Naked and Afraid


Naked and Afraid

Anger is one of the ego’s favorite emotions. It covers up other emotions such as fear, frustration or embarrassment. It was 4:00 a.m. a few weeks ago, when my father had a fall on the way to the bathroom. There he was, laying on his side not able to get himself off the floor. My mother was arguing with him about getting up. He was arguing back about not being able to get up. He was using so much energy to scream, swear and yell. I felt so bad for him. This once big and strong man, a former farmer, military man and lineman was reduced to being naked and afraid.

Feeling helpless, I suppose he felt he had no alternative but to lash out. Although getting him up off the floor was the obvious problem, getting him up wasn’t going to happen until he was able to use his own energy to cooperate accordingly. If my superpower was levitation I would have used it in this moment, but since that wasn’t an option we had to wait this out. I put a pillow underneath his head and just let him say whatever he needed to say and vent out his frustration. The situation didn’t seem to require the further embarrassment that calling 911 and having paramedics get him up would have caused him. I was able to assess him carefully and the only thing hurting at this time was his pride. Eventually, he calmed down and was ready to try and get up. Once he was willing, getting him up was pretty easy and he made most of the effort himself. Of course, he then apologized for all the insults and profanity that happened while he was naked and afraid. I don’t pay too much mind to the things he says when he’s in a situation like this because I understand it is all coming from a place of fear. Mom is a different story. She holds a grudge. Mom doesn’t fully comprehend dad’s limitations. “He has to do things for himself” she will say. In her mind, old age is something you recover from like a headache. The good thing about her short term memory impairment is that she is less capable of ruminating about these events allowing for things to blow over much quicker.

It is difficult to standby and watch him slowly be robbed of his dignity. The Cutler men are all notorious for being big and strong. It’s in their genes. My dad is his father’s namesake. He was still climbing up on ladders to trim the backyard trees at 80 years old. He’s 87 now and the past few years have really taken a toll on his mind, body and spirit. I guess it’s the price we all pay for longevity. I am grateful that I can be here for him on a daily basis. I am sure there will come a time again where he will be naked and afraid, but at least he won’t be alone.

This experience is very humbling. It makes me realize just how short life really is. I don’t know what the future holds but can say that for as long as I am able, I will witness his fears and welcome in his higher spirit to reorganize all his limiting thoughts and beliefs back to love. I pray that God continues to bless him as he experiences the difficult and confusing days that he has ahead of him. Courage is not the absence of fear but the triumph over it.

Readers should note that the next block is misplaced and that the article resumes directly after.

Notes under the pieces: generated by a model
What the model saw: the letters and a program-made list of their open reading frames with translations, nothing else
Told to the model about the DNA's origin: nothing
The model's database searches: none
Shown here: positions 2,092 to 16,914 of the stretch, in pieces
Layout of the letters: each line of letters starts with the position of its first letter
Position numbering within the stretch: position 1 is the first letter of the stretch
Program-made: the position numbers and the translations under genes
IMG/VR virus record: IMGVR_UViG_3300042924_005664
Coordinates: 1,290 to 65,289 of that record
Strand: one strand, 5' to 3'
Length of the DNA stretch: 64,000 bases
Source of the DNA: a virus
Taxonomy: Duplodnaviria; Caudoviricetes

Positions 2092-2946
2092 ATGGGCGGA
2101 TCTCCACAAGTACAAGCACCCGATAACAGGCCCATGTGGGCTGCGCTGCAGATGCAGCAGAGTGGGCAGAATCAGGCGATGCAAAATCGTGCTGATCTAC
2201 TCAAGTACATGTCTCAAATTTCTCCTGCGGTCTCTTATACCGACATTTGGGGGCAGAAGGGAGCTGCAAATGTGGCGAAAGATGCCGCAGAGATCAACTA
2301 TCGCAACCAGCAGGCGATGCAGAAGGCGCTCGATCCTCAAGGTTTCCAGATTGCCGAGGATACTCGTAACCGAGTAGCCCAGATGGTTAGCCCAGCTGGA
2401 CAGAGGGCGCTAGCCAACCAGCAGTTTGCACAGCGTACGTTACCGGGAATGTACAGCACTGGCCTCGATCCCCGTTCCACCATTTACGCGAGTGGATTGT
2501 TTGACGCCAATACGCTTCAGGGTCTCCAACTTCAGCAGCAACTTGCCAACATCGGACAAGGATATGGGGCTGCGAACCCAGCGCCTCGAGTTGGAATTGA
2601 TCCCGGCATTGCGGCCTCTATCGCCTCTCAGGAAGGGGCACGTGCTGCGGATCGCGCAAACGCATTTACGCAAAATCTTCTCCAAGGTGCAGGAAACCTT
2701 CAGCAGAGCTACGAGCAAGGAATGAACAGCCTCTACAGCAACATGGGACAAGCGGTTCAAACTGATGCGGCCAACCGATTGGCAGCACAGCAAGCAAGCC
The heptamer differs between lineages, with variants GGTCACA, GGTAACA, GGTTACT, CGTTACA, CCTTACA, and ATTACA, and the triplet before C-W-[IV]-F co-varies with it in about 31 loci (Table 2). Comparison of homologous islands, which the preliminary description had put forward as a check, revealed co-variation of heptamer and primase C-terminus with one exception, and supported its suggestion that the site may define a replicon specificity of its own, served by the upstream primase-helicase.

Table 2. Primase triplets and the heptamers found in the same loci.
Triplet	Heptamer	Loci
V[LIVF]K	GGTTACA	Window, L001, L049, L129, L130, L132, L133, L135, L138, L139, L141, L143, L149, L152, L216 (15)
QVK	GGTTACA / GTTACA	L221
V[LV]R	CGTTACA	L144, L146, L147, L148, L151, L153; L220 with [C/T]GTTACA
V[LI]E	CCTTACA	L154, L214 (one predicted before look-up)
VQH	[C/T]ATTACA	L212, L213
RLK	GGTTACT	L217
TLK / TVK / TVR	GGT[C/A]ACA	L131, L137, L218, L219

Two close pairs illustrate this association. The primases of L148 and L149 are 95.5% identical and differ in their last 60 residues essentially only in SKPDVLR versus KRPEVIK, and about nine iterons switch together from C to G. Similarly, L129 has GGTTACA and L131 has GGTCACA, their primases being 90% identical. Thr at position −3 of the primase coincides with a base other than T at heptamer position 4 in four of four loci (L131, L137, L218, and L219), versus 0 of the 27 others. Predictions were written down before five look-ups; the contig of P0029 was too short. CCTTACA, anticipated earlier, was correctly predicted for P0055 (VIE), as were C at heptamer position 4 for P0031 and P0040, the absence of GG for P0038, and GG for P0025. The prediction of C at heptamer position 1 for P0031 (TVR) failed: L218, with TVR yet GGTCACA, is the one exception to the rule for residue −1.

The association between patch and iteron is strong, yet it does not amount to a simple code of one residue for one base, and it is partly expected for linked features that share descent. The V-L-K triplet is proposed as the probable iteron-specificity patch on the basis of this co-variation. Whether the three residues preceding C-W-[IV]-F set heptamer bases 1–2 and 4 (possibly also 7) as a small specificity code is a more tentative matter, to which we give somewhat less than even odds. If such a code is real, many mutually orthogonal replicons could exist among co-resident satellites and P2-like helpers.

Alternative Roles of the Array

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That makes sense Babs. I can certainly understand how Naked and Afraid would fit in that situation as well.


I had to giggle because my version of Naked and Afraid is taking a shower with my Bill. I have learned that part of the anger that my love is acting out is out of frustration of not being able to do what he used to be able to do. Very hard seeing such a vibrant young man reduced to the antics of a temper tantrums like a young child.


Thank you for sharing this Annamaria, I hate to say this but I too can be a bit stubborn when it comes to accepting help, as is my 95 year old father. Let’s just keep that between us shall we? What you did to diffuse the situation and maintain his dignity was extraordinary. Yes, as we get older we lose the ability to perform many tasks we have done throughout our lives and even told stories of our adventures. Yet, there are some things that we seem to never lose - our sense of dignity. You did good Annamaria, yep, you did good.


Thanks for sharing... this story really illustrates the flip side of living a long life. Your father must have seen himself as your protector and provider for your entire life... It's an awkward torch to pass when the roles become reversed (regardless of age). I'm sure he deeply appreciates the love and patience you show him now.